The VAPOR team’s FY2017 efforts were focused primarily on preparing the release of the third major version of the package, VAPOR3. This involved a complete refactoring of the VAPOR code base. VAPOR3 provides a far more general data model, capable of supporting both structured and – for the first time – unstructured grids. When VAPOR3 is released in early FY2018, it will support both MPAS and ICON model outputs sampled on their native, unstructured meshes. In addition to a much-improved data model the new package will also offer a more modular architecture, designed to facilitate extensibility by third parties, and a new and much simplified graphical user interface (GUI). In parallel with VAPOR3 development, Version 2.6 of VAPOR2 was released in the spring. Version 2.6 includes improved integration with Python, particularly with the Matplotlib library, and a new variable statistics module.

The NCL team released major versions of NCL, wrf-python, PyNGL, and PyNIO in FY2017. NCL version 6.4.0, released in February 2017, includes over 100 new functions for crop, heat stress, extreme value statistics, bootstrapping, and evapotranspiration; significant improvements to HDF5, NetCDF4, and GRIB readers; an overhaul of graphical options to allow for RGB/A color (transparency); and a new 260+ page NCL User Guide that was written in collaboration with a visualization team at DKRZ. The first official release of wrf-python was in March 2017, and it provides more than 30 diagnostic calculations, several interpolation routines, and utilities to help with plotting via cartopy, basemap, and PyNGL. PyNIO 1.5.0 and PyNGL 1.5.0 were released in September 2017. PyNIO includes improved support for reading HDF5 compound and group data, while PyNGL was overhauled to support the same 32-bit graphical display that’s in NCL. Other significant efforts started in FY2017 include the port of PyNIO and PyNGL to Python 3.5 and a major refresh to NCL’s map databases via shapefiles. All of these software packages are now being released under conda-forge, a community-driven packaging for conda with a high focus on scientific packages. In the period October 2016 to September 2017, NCL was downloaded 28,960 times with a monthly average of 45,346 unique visitors to its website. Wrf-python was downloaded 23,164 times with a monthly average of 665 unique visitors to its website. PyNIO was downloaded 14,128 times and PyNGL 4,483 times, with a monthly average of 2,883 unique visitors to their website.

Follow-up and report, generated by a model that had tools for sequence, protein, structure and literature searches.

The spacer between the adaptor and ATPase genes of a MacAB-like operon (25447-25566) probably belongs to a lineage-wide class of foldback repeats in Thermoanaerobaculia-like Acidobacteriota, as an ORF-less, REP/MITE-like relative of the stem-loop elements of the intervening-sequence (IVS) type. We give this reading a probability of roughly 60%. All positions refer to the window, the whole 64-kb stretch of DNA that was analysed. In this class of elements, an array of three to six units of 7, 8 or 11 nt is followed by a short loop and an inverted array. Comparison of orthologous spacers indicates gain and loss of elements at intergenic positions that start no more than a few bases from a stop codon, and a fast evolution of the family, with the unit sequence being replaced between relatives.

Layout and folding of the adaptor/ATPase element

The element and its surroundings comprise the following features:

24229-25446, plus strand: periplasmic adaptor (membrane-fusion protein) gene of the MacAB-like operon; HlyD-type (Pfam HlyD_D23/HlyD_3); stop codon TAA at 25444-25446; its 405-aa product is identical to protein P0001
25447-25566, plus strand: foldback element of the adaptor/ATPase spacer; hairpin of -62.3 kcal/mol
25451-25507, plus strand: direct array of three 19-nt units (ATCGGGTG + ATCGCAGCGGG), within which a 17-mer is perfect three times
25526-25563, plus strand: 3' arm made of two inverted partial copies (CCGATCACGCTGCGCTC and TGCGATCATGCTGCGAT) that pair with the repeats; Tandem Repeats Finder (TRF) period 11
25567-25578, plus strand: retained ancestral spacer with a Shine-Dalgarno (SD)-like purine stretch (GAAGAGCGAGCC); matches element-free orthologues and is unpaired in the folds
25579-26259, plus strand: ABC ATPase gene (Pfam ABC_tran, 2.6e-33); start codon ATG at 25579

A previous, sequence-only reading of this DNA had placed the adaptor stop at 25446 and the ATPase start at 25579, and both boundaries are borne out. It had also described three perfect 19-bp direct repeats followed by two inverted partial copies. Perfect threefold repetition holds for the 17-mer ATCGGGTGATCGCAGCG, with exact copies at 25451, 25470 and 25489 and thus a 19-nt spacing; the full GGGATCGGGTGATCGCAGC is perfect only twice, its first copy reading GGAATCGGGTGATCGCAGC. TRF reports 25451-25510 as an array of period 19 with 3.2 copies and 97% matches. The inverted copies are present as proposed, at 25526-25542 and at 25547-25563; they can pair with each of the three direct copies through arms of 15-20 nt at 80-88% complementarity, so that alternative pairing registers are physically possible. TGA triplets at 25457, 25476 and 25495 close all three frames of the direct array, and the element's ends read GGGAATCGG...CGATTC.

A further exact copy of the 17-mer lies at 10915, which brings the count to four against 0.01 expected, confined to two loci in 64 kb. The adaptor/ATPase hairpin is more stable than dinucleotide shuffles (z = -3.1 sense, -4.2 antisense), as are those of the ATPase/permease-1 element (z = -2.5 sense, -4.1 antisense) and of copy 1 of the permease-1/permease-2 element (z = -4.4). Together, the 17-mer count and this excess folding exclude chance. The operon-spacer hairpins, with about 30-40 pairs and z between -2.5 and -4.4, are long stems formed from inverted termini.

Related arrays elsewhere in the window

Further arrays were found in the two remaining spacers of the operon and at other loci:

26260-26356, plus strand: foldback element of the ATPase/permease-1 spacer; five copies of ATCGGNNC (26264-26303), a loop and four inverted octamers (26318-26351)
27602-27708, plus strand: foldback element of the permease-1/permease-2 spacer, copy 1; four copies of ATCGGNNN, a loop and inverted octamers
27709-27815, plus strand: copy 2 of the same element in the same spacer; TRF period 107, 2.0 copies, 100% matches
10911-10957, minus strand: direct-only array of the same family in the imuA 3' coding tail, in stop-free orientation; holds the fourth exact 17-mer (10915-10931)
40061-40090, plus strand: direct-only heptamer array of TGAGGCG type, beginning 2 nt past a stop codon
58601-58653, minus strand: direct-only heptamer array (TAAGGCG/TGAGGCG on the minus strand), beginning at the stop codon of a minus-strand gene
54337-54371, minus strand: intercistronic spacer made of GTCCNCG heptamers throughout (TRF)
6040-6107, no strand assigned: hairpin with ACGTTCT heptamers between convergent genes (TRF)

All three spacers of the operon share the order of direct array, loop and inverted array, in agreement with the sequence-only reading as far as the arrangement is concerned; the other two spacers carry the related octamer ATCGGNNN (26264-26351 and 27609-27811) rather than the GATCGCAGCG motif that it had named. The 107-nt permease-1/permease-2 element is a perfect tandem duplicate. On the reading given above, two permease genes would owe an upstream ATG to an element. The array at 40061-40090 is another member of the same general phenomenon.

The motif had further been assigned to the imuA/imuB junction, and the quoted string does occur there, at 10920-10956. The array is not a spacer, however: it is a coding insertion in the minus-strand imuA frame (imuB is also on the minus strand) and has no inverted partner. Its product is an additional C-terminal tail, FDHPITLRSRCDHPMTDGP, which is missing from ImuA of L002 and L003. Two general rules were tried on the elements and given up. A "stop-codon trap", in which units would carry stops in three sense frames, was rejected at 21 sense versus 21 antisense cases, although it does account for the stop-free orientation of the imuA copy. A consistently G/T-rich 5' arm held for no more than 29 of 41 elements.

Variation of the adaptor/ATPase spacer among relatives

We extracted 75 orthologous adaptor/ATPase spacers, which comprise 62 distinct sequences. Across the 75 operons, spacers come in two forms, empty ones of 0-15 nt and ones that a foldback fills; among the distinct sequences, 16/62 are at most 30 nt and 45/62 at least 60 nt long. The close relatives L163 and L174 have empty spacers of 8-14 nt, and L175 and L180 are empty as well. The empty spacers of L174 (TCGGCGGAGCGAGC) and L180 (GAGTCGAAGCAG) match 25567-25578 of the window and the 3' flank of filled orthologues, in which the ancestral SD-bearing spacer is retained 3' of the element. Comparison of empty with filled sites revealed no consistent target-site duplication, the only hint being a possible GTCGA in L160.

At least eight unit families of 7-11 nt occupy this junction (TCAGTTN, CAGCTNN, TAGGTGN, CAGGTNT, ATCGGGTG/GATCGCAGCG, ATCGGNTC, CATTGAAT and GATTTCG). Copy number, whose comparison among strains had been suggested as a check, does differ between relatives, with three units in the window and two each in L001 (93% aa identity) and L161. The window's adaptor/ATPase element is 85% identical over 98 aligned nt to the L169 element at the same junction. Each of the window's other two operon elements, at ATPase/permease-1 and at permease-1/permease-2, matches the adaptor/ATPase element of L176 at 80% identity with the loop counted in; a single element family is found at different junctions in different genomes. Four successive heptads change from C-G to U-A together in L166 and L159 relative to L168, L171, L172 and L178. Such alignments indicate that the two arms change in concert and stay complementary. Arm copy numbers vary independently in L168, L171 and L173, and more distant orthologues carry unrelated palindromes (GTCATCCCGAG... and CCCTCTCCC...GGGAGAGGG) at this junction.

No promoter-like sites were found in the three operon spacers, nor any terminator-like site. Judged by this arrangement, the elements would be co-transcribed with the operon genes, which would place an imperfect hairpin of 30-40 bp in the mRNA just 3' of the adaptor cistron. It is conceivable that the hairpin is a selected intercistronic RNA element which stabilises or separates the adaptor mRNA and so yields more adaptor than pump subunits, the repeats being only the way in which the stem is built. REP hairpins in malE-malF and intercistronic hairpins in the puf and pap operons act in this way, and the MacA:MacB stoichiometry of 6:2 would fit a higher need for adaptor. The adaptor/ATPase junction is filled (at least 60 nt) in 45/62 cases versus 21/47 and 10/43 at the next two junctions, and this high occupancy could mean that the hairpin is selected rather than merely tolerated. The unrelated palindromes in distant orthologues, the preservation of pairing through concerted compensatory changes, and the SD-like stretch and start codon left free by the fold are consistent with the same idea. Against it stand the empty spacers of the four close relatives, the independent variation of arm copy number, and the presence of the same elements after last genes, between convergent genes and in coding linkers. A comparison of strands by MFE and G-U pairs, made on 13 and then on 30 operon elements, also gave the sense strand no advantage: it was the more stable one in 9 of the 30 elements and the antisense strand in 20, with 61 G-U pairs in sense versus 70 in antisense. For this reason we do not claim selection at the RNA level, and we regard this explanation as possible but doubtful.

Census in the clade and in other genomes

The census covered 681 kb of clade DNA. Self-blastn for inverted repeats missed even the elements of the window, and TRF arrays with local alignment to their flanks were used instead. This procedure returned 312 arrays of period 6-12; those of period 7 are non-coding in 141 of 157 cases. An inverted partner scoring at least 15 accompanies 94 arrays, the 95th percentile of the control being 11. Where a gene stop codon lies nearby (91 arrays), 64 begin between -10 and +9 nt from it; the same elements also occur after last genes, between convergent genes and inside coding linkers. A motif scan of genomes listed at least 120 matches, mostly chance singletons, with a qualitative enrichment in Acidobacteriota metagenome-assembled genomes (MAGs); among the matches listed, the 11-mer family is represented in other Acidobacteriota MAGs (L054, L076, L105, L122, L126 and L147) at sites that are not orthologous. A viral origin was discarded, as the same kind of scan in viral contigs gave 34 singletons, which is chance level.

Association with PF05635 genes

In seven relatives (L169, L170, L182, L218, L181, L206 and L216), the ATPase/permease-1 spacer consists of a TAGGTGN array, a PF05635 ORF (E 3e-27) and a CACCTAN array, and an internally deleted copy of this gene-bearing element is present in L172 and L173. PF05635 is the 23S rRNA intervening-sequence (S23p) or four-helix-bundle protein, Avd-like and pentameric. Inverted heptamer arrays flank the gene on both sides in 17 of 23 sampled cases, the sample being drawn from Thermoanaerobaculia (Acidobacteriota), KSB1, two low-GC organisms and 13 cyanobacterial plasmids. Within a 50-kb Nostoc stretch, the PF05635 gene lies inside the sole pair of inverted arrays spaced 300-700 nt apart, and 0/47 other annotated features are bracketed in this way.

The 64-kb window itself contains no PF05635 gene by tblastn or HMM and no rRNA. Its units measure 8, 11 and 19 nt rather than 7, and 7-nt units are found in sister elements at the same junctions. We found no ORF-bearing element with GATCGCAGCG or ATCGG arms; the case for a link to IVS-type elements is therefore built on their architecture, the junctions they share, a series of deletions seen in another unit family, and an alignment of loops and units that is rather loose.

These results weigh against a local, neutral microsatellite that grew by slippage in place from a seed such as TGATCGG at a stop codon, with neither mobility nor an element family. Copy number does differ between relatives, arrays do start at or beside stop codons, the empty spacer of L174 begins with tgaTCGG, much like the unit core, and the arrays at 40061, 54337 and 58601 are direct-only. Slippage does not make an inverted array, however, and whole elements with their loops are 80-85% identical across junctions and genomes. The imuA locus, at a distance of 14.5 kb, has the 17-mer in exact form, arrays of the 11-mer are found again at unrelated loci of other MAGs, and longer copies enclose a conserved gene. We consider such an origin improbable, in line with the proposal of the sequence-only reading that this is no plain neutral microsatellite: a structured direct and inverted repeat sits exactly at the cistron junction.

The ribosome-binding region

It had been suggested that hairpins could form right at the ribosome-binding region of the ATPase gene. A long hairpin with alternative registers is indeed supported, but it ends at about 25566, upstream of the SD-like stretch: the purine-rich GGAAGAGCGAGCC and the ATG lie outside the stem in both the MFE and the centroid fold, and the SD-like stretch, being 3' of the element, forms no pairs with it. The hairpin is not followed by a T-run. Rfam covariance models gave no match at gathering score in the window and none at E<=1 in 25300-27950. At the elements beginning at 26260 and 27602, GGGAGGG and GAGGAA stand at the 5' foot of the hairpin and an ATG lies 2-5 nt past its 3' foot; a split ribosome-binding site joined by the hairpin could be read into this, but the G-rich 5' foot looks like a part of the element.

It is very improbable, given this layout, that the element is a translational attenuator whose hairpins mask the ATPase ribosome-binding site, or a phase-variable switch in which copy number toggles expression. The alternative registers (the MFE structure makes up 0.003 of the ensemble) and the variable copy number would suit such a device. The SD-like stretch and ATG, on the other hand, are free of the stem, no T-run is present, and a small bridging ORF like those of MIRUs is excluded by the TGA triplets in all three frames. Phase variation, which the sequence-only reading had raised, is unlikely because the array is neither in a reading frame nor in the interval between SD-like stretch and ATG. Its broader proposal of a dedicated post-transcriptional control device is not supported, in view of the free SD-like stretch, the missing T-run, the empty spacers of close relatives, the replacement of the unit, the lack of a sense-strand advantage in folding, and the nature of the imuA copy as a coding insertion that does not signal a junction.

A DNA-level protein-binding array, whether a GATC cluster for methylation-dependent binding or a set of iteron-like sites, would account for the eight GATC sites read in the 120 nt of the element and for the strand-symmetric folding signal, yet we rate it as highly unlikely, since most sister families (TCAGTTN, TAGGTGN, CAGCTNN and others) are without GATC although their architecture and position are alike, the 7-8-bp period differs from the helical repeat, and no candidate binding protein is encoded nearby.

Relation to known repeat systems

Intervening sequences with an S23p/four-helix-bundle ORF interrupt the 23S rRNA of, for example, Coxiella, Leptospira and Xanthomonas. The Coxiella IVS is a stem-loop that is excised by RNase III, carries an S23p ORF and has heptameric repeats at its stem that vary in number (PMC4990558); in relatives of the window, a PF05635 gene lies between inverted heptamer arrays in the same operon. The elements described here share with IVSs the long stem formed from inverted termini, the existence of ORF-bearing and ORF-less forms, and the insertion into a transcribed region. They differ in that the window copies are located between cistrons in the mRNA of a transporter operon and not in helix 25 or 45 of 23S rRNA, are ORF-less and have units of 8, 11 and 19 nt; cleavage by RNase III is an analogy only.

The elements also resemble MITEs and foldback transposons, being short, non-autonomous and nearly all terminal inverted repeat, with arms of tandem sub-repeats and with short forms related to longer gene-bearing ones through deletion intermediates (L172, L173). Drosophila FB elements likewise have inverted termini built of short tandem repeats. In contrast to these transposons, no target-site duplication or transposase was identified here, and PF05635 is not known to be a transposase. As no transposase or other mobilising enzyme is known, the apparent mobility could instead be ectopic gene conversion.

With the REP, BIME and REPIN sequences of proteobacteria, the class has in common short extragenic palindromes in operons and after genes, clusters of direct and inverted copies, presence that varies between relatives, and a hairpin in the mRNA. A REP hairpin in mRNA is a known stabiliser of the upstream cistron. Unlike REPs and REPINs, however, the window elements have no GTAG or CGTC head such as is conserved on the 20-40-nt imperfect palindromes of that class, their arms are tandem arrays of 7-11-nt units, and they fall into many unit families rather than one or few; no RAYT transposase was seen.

The VAPOR project is supported by NSF Core funds, a subaward from the University of California at San Diego, NSF 54067252, and a grant from the Korean Institute for Science and Technology Information. The NCL and related Python tools project is supported by NSF Core funds.